AFTERBIZLIFE – English is the de facto national language of the United States, with 80% of the population claiming it as a mother tongue, and some 95% claiming to speak it “well” or “very well”. However, no official language exists at the federal level.
Many languages are used, or historically have been used in the United States. The most commonly used language is English. There are also many languages indigenous to North America or to U.S. states or holdings in the Pacific region.
Half the countries of the world have an official language. The United States isn’t one of them.
[/su_pullquote]Languages brought to the country by colonists or immigrants from Europe, Asia, or other parts of the world make up a large portion of the languages currently used; several languages, including creoles and sign languages, have also developed in the United States. Approximately 337 languages are spoken or signed by the population, of which 176 are indigenous to the area. Fifty-two languages formerly spoken in the country’s territory are now extinct.
The most common language in the United States is known as American English. However, no official language exists at the federal level. There have been several proposals to make English the national language in amendments to immigration reform bills, but none of these bills has become law with the amendment intact. The situation is quite varied at the state and territorial levels, with some states mirroring the federal policy of adopting no official language in a de jure capacity, others adopting English alone, others officially adopting English as well as local languages, and still others adopting a policy of de facto bilingualism.
Since the 1965 Immigration Act, Spanish is the second most common language in the country, and is spoken by approximately 35 million people.
The United States holds the world’s fifth largest Spanish-speaking population, outnumbered only by Mexico, Spain, Colombia, and Argentina. Throughout the Southwestern United States, long-established Spanish-speaking communities coexist with large numbers of more recent Hispanophone immigrants. Although many new Latin American immigrants are less than fluent in English, nearly all second-generation Hispanic Americans speak English fluently, while only about half still speak Spanish.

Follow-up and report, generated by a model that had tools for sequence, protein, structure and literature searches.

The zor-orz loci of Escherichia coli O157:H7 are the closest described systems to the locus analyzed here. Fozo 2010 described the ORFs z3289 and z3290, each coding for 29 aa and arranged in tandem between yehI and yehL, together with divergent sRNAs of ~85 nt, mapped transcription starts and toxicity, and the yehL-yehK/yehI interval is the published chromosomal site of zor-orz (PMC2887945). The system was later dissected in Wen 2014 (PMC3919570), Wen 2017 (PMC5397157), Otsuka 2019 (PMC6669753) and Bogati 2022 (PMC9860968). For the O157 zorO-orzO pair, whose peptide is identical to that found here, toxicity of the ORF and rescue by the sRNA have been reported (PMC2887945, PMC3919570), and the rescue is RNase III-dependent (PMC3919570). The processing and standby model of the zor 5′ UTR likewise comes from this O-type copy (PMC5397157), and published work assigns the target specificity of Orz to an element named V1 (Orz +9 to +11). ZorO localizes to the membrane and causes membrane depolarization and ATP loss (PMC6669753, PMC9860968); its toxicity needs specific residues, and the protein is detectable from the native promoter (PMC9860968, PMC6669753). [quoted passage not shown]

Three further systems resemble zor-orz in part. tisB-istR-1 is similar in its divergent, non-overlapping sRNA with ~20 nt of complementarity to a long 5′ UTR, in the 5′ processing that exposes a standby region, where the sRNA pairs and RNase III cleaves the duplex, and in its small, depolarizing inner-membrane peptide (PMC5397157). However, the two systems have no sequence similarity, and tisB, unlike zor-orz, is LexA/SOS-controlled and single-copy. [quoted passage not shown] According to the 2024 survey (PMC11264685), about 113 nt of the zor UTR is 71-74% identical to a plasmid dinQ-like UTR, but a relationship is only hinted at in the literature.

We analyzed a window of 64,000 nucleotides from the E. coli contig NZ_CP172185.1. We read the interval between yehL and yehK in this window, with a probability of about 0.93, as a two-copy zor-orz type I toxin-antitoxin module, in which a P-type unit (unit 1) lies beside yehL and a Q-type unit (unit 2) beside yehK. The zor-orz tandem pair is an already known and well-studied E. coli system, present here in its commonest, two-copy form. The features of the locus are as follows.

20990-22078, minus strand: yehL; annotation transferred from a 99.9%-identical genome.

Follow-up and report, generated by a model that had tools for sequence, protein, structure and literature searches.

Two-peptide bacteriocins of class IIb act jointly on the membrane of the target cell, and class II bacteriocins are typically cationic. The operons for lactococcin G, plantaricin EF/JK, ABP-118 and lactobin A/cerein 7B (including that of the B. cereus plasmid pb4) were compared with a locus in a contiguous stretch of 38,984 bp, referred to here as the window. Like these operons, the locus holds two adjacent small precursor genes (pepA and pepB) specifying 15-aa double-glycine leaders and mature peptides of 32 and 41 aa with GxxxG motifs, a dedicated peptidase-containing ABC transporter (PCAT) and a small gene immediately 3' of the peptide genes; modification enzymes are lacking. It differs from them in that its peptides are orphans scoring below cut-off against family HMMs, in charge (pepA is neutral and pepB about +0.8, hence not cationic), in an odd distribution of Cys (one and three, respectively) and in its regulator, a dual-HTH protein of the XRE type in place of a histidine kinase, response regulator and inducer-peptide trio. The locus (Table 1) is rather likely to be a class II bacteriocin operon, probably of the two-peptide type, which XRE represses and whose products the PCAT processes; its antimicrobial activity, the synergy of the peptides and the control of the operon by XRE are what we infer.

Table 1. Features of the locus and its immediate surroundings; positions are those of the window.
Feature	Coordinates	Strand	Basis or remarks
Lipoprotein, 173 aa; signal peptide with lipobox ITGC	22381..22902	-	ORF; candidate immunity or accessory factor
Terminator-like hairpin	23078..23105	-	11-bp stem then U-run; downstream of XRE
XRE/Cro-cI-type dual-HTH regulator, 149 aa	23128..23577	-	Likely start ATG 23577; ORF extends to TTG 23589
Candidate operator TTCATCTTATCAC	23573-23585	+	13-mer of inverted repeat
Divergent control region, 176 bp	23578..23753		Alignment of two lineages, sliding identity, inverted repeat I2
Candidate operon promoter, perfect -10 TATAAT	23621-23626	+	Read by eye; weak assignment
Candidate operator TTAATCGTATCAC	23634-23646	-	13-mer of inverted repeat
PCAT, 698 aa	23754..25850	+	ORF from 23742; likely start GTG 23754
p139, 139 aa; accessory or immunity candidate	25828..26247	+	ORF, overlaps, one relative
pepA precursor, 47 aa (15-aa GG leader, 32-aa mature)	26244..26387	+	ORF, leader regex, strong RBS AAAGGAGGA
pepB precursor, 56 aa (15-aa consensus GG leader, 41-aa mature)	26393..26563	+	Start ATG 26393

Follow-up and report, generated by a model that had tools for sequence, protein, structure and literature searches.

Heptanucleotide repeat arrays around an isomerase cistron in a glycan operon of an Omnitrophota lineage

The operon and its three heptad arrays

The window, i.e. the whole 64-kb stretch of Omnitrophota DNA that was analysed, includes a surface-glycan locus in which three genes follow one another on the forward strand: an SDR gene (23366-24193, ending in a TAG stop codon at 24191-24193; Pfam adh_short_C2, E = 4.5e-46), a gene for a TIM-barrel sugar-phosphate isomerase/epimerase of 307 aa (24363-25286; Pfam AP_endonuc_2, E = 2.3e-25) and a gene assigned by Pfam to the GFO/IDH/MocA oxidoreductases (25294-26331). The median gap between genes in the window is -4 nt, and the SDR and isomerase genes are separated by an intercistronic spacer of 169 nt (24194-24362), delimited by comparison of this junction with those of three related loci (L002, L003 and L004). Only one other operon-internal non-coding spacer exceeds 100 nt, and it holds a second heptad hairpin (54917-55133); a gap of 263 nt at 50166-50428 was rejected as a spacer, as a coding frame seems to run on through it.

According to the 2000 US census, people of German ancestry make up the largest single ethnic group in the United States, and the German language ranks fifth. Italian, Polish, and French are still widely spoken among populations descending from immigrants from those countries in the early 20th century, but the use of these languages is dwindling as the older generations die. Russian is also spoken by immigrant populations.
According to the American Community Survey 2009, endorsed by the United States Census Bureau, the main languages by number of speakers older than five are:
- English – 229 million
- Spanish – 35 million
- Chinese languages – 2.6 million + (mostly speakers of Yue dialects such as Taishanese and Cantonese, with a growing group of Mandarin speakers)
- Tagalog – 1.5 million + (Most Filipinos may also know other Philippine languages, e.g. Ilokano, Pangasinan, Bikol languages, and Visayan languages.)
- French – 1.3 million
- Vietnamese – 1.3 million
- German – 1.1 million (High German) + German dialects like Pennsylvania German, Hutterite German, Plautdietsch, Texas German
- Korean – 1.0 million
- Russian – 881,000
- Arabic – 845,000
- Italian – 754,000
- Portuguese – 731,000
- French Creole – 659,000
- Polish – 594,000
- Hindi – 561,000
- Japanese – 445,000
- Persian – 397,000
- Urdu – 356,000
- Gujarati – 341,000
- Greek – 326,000
- Serbo-Croatian – 269,000
- Armenian – 243,000
- Hebrew – 222,000
- Cambodian – 202,000
- Hmong – 193,179
- Navajo – 169,009
- Thai – 152,679
- Yiddish – 148,155
- Laotian – 146,297
Additionally, modern estimates indicate that American Sign Language is signed by as many as 500,000 Americans. The total sample size for these figures is 286 million people.
Article by Afterbizlife, reposted with permission